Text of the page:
Preserving family history can seem like a huge undertaking and it is! Getting started is the scariest part for me – not knowing how to begin. There are the facts that I have gathered so far, but a family history is more than just the names, dates and places.
I have researched family genealogies for over 10 years and have been able to gather thousands of names and dates. I have been able to verify more names and locations as I continued my searching and improved my search skills.
I have met new cousins and heard family stories that helped to verify details that I had already found. Hearing the family tales have brought to life those names – those people that were our grandmothers, grandfathers, aunts, uncles and cousins.
We have connected through family reunions and gatherings, encouraged and asked for any old pictures of the family. Even if we did not know who each person was, we brought them along to the reunions and asked other family members if they recognized them. We have been able to put faces with the names and added photos to our large family tree. When they were identified, the stories started and family members would tell what they remembered or family “lore” they had heard about these people. This made those grandparents and cousins more real to the younger ones.
This helped us to think of what their lives were like. The timelines of when they lived can help us understand their occupations, their way of life, and their losses in times of great illness. History was never a huge interest of mine, but now I look for historical perspective to learn more about what my ancestors may have lived through.
For most genealogists and family history buffs, our attention and interest does not peak until we are older and our kids and jobs are not as demanding. As we get older, maybe our realization kicks in that half of our life is behind us! Maybe we have lived enough life that we understand better what our parents, grandparents, and great-grandparents must have had to endure in their journeys. As tough as we think we have had to live, they may have had to fight many more battles to survive and raise a family.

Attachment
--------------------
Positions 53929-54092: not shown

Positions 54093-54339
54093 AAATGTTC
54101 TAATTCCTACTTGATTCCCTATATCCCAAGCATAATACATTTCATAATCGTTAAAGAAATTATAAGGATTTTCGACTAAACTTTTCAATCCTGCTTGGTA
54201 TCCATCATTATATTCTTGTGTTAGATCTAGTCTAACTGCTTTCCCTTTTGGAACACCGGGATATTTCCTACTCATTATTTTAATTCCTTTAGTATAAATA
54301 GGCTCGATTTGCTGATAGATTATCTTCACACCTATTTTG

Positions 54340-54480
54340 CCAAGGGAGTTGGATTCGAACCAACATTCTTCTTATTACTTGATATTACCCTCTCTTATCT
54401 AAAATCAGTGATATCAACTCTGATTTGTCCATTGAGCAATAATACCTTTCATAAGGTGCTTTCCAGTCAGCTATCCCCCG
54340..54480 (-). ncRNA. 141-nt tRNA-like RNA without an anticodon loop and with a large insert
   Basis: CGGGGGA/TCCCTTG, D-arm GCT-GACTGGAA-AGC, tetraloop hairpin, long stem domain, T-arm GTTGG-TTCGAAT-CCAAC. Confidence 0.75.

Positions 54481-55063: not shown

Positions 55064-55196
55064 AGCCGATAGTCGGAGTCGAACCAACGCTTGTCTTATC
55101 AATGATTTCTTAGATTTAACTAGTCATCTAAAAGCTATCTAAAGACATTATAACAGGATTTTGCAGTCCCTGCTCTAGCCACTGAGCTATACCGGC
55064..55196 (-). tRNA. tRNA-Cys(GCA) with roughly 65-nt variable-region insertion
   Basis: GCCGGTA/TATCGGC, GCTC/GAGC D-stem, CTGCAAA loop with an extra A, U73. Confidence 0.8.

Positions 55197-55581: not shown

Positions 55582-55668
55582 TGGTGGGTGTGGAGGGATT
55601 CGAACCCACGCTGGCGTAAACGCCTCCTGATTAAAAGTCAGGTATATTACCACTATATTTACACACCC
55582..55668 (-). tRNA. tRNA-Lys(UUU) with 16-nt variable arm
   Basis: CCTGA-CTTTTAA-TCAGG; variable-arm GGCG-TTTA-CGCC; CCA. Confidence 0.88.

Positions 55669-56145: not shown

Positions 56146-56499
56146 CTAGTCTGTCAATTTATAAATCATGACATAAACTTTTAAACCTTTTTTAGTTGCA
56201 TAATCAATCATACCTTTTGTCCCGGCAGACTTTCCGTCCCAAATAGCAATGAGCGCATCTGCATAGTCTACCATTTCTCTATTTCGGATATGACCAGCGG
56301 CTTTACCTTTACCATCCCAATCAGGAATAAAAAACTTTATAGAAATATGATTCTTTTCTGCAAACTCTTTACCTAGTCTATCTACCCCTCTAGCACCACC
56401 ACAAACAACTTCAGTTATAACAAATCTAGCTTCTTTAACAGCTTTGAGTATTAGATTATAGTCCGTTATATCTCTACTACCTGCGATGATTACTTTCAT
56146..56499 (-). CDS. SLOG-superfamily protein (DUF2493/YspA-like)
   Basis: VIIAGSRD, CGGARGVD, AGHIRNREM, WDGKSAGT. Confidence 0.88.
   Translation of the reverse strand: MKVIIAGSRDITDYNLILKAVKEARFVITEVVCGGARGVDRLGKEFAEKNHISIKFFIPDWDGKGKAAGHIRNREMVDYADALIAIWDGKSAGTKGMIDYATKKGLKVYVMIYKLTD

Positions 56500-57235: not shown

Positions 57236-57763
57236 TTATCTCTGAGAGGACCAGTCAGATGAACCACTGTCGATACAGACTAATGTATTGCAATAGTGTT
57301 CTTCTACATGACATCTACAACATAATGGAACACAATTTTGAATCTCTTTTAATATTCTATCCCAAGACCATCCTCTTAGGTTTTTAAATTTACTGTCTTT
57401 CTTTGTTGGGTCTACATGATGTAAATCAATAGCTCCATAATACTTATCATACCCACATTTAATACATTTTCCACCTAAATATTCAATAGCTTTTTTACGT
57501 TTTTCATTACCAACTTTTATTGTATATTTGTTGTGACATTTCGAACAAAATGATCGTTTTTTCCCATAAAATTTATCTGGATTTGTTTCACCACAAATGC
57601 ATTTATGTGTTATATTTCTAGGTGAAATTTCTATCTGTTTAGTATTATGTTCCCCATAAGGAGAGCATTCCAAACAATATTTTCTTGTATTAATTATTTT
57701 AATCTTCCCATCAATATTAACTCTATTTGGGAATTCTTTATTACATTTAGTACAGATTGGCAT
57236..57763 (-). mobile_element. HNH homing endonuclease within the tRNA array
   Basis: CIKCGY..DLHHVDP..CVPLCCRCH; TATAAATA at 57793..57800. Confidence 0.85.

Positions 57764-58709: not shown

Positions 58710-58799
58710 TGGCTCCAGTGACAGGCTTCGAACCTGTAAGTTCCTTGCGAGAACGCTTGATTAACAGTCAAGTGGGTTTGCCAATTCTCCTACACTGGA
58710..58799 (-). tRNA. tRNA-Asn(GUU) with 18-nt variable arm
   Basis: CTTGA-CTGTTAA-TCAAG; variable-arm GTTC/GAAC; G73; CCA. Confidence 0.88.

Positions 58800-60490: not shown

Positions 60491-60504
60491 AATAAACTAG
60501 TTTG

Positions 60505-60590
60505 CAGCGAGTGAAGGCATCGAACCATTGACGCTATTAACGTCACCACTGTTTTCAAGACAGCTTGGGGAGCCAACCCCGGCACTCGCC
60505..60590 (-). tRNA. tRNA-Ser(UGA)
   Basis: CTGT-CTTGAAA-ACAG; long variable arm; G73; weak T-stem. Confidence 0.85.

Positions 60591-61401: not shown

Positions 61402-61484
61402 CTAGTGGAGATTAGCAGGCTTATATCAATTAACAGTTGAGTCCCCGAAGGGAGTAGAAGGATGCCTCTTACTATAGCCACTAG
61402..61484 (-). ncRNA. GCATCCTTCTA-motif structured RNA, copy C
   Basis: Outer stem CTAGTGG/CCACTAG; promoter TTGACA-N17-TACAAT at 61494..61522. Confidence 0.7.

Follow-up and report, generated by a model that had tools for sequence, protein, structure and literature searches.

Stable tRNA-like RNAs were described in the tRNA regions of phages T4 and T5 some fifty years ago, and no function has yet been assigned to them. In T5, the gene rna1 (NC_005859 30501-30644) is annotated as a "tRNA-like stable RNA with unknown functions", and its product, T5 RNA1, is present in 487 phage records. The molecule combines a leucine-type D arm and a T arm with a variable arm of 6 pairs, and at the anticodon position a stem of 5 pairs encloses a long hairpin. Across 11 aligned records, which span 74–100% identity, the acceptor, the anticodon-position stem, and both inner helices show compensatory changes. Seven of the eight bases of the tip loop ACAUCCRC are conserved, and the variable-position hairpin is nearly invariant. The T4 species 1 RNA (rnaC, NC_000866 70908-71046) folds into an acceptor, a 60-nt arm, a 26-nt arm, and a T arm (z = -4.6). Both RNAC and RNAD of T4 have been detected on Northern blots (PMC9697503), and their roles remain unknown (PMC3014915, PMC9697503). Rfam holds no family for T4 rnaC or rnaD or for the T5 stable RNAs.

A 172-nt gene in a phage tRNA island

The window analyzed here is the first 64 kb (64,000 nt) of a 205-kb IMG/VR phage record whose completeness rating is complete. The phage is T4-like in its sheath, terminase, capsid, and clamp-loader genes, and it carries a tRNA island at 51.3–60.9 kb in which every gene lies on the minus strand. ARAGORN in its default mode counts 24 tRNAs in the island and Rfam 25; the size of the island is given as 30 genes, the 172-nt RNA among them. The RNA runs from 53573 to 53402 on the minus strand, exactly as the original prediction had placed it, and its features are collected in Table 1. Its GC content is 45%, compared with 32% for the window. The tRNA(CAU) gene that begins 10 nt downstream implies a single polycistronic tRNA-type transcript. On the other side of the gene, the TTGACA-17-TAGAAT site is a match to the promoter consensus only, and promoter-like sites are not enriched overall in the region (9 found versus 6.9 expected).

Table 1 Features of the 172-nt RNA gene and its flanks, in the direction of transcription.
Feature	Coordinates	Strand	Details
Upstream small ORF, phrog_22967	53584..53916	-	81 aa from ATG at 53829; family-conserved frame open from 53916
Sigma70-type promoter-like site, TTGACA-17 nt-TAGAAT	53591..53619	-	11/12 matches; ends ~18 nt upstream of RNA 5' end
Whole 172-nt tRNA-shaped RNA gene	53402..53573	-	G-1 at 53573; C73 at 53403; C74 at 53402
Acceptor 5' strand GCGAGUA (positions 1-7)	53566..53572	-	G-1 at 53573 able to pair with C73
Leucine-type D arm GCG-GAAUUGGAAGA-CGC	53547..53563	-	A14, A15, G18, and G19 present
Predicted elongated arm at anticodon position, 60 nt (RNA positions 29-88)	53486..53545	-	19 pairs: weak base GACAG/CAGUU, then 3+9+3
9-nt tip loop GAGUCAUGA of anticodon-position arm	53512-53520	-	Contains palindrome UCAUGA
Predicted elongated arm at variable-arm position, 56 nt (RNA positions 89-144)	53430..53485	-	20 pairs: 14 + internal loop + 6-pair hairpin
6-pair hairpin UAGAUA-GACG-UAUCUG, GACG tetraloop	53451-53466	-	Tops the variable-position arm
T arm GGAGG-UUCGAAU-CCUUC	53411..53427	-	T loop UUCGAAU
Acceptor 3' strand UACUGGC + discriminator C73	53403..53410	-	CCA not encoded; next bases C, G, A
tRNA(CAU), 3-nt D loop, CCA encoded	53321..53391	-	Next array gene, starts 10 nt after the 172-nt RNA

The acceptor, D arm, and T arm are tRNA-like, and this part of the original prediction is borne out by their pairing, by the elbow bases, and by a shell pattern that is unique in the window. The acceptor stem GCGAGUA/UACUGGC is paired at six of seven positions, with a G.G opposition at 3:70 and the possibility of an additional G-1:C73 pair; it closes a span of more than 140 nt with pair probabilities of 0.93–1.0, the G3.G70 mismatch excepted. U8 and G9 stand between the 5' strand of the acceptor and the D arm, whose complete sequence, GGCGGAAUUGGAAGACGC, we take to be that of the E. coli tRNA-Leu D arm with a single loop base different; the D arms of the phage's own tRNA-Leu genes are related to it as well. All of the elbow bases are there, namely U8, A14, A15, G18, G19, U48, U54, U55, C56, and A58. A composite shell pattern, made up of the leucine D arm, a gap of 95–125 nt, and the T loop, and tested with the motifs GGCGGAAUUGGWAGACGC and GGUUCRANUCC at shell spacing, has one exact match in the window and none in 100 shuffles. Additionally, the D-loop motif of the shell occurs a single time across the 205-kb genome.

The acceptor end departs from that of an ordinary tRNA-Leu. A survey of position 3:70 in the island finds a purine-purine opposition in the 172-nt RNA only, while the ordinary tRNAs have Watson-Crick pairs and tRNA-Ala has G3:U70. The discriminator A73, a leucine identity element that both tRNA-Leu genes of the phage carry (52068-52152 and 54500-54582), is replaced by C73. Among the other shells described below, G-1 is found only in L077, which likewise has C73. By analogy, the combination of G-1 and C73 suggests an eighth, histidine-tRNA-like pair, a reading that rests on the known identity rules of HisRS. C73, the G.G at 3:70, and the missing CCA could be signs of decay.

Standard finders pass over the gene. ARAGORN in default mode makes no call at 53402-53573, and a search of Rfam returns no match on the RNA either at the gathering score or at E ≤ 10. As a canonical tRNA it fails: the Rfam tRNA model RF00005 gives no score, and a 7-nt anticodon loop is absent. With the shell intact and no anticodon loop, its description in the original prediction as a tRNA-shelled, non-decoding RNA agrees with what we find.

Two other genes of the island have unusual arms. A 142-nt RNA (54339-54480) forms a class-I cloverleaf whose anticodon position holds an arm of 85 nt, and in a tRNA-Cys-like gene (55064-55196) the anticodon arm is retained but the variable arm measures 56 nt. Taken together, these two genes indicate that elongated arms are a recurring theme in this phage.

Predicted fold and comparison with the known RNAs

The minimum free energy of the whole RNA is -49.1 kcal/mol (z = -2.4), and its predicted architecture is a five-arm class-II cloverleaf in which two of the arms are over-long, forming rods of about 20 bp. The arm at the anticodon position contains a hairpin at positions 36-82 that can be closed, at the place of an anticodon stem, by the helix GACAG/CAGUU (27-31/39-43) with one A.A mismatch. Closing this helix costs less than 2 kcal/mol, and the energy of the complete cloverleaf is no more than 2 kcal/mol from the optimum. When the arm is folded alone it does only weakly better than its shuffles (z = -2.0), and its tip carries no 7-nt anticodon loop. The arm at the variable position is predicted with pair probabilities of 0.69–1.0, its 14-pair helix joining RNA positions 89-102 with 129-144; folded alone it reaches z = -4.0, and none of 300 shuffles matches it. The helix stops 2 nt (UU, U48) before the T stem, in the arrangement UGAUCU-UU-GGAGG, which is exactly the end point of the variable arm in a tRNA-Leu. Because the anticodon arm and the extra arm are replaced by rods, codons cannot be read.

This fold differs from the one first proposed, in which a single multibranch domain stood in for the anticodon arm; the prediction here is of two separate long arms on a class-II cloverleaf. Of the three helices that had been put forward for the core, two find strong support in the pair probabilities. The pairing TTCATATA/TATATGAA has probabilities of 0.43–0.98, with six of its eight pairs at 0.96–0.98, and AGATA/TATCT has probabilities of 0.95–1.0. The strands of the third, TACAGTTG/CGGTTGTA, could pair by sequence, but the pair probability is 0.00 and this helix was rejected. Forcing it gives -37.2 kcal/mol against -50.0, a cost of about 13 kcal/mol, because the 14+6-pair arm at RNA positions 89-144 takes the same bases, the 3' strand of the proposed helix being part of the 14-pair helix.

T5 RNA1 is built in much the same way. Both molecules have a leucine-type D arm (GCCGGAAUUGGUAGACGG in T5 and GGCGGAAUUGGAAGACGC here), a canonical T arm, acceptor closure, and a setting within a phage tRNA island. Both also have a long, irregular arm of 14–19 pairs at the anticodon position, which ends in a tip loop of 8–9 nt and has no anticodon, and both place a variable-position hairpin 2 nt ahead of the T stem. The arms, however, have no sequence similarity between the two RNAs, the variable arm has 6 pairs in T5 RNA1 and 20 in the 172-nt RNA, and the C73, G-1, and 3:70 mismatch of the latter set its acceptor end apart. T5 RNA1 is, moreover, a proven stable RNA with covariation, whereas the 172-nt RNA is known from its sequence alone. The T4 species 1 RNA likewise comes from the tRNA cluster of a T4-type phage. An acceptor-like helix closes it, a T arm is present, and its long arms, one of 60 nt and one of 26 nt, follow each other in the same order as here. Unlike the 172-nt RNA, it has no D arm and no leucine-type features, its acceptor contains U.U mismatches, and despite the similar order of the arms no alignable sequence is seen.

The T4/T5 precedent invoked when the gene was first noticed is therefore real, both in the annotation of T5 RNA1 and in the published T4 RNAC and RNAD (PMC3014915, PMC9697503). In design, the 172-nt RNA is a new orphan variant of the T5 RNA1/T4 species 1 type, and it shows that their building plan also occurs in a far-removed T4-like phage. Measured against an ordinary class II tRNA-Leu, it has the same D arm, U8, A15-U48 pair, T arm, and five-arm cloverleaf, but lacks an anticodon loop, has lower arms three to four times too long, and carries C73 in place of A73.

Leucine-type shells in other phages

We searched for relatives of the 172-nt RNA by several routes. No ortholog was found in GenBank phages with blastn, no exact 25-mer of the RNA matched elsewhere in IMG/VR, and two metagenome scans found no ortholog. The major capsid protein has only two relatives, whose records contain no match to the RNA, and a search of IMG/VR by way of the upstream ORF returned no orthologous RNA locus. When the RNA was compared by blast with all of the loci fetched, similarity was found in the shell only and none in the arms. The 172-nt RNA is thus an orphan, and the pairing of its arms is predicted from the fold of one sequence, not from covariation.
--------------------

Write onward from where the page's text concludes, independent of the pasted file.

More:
So the first step is jut to get started! Break it down into smaller steps!
Starting the family history……
1) Journaling doesn’t have to be complex or scary. Just make a few notes when you think of a topic you want to remember or write about.
2) Make a list of those family stories you have heard over and over from your parents and grandparents.
3) Think of and list the timeline of important times in your parents lives – their childhood, where they grew up, their schools, their churches, their maternal and paternal families, how they met, their courtship and wedding. Then list their children, homes, jobs, grandchildren, pets, etc.
4) Do the same for your grandparents and any other living relatives you may be blessed enough to share stories with.
5) Ask the oldest living relatives to share their journeys, their stories, with you. Use video on a camera, laptop, camcorder, or even write it down on paper if they are not comfortable with being on camera. My first filmed video was with my mother, and I set up a laptop and a camcorder to make sure I didn’t miss anything. If one method works better or has a better sound or viewing angle, then you can choose which to use when putting a family video together.
6) Keep attention focused on your relative during the interview, suggesting topics, letting them do most of the talking, and make notes later of new questions you have or stories that came up that you want more detail about. Break the interviews into a few sessions, so neither of you have to sit for too long or get too tired.
7) Parents and grandparents tend to tell stories on each other, usually funny stories, sometimes touching ones. Siblings are great at sharing stories about each other!
My father’s “story” was of the time he made his daddy jump into a creek because he hollered “Snake!”. He laughs now, but my grandpa wasn’t happy to be tricked! He ended up with scratched up legs from hitting the rocks in the creek!
My “story” is about being pregnant with our second child. We had mostly boys in our family and we had a four-year-old son. He said our baby was going to be a girl. We explained that we would love a boy or a girl, we just prayed for a healthy baby, a little brother or a sister. He replied that he had already told God he wanted a sister – the faith of a child! He got his little baby sister!
So, whether the stories are about how the old-timers grew up, how eccentric or special their cousins or uncle was, or how siblings got along, they are all stories that bring life to the family history.
One day, when we are gone, fifty years from now, when our grandson is 50, I hope he will be able to read about – hear on audio – or see on a video – the stories and journeys that we lived, our parents and grandparents lived, and know that he comes from a long line of love and blessings.